Putting lipstick on a pig: The best (non-self-hosted) email setup


Hot Lukewarm off the heels of my last post — Email encryption: The greatest security/privacy theater, maybe ever — is a post about about my new email setup. As a reminder, email is an inherently flawed protocol. Read the aforementioned post for more details.

With that in mind, I will provide an overview of the best email setup I have found to date. It attempts to mitigate as many flaws as possible, but it’s impossible to solve all of them.

What to look for in a mail provider

For various reasons (see: deliverability, high-availability, data integrity/retention), I do not host my own email. It is the only major service type that I still offload to a third-party.

I have been on the hunt for an affordable email service provider that grants me similar security/privacy/featureset to hosting my own service. I look for the following features in a mail service:

  1. Email encryption*
  2. Proper IMAP/SMTP gateway so I can use my own mail clients
  3. Custom domain support
  4. Catch-all alias support
  5. Generous max alias count at the shared domain
  6. Easy way to generate new aliases on mobile
  7. Relatively affordable

In short, I have been looking for a unicorn. After a year of searching, I believe I have finally found it.

mailbox.org, or why I left ProtonMail

DISCLAIMER: I am not affiliated with or sponsored by mailbox.org in any way. I just like their service.


I was a ProtonMail Professional subscriber for the past year. This is an €8.00 per month subscription ($9.50 at the time of writing). That’s expensive for a single email subscription. For comparison, at the time of writing, a Netflix basic subscription is $8.99/mo and an Amazon Prime subscription is $119/yr ($9.91/mo). While ProtonMail is cool, I don’t think it has technical complexity equivalent to Netflix and Amazon Prime.

mailbox.org raised their prices recently if you wish to bring a custom domain, but it’s still only €3.00/mo. This is a much more reasonable price than ProtonMail.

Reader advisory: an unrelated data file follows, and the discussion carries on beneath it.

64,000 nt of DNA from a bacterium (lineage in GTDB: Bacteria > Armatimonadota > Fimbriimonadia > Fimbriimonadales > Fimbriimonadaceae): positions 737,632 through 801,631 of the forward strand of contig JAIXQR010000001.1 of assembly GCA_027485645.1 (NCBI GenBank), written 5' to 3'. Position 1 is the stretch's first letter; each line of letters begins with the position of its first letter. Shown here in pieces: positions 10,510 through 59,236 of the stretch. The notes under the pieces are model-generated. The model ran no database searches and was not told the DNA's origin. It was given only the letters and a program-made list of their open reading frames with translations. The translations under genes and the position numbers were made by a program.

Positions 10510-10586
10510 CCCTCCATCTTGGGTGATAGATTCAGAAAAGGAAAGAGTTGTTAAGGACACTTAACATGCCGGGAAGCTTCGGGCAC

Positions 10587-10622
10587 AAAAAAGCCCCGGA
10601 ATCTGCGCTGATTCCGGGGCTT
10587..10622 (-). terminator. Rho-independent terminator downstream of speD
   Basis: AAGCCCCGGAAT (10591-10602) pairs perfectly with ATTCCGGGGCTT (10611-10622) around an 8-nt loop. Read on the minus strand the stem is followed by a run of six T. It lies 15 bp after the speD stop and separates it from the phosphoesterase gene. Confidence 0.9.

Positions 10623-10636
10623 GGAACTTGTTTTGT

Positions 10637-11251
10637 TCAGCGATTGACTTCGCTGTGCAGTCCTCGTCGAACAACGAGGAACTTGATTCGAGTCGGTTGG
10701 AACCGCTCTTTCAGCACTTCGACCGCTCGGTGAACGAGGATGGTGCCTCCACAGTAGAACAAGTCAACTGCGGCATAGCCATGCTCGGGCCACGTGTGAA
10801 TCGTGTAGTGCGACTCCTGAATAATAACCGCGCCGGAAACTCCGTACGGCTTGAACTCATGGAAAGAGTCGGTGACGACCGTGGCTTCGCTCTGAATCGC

BYOB BYOK: Bring your own key

ProtonMail encrypts your email at rest with PGP encryption. However, ProtonMail generates this keypair for you, and encrypts the keypair with your account password. They technically do not have access to your decrypted private key, but its encrypted form is still stored on their servers.

Why take this risk at all? mailbox.org lets you bring your own PGP keypair. You only give them the public key to encrypt your mailbox. There’s no need to trust the mail provider to store an encrypted form of your private key.

An actual IMAP/SMTP gateway

This was one of my biggest gripes with ProtonMail. I prefer to use my own mail clients (Thunderbird, mutt, FairEmail, the list goes on) instead of webmail.

Email clients can connect to a mailserver through a variety of protocols, but for the simplicity of this post, we will assume that it needs both an IMAP port and an SMTP port. IMAP is used for pulling (receiving) mail, and SMTP is used for pushing (sending) mail.

ProtonMail does not support IMAP and SMTP unless you use their bridge application as a proxy. This is nowhere near as smooth as pointing your mail client to actual IMAP and SMTP ports provided by the mail provider. Additionally, since it is a desktop bridge, it rules out any mobile clients except for the official ProtonMail app.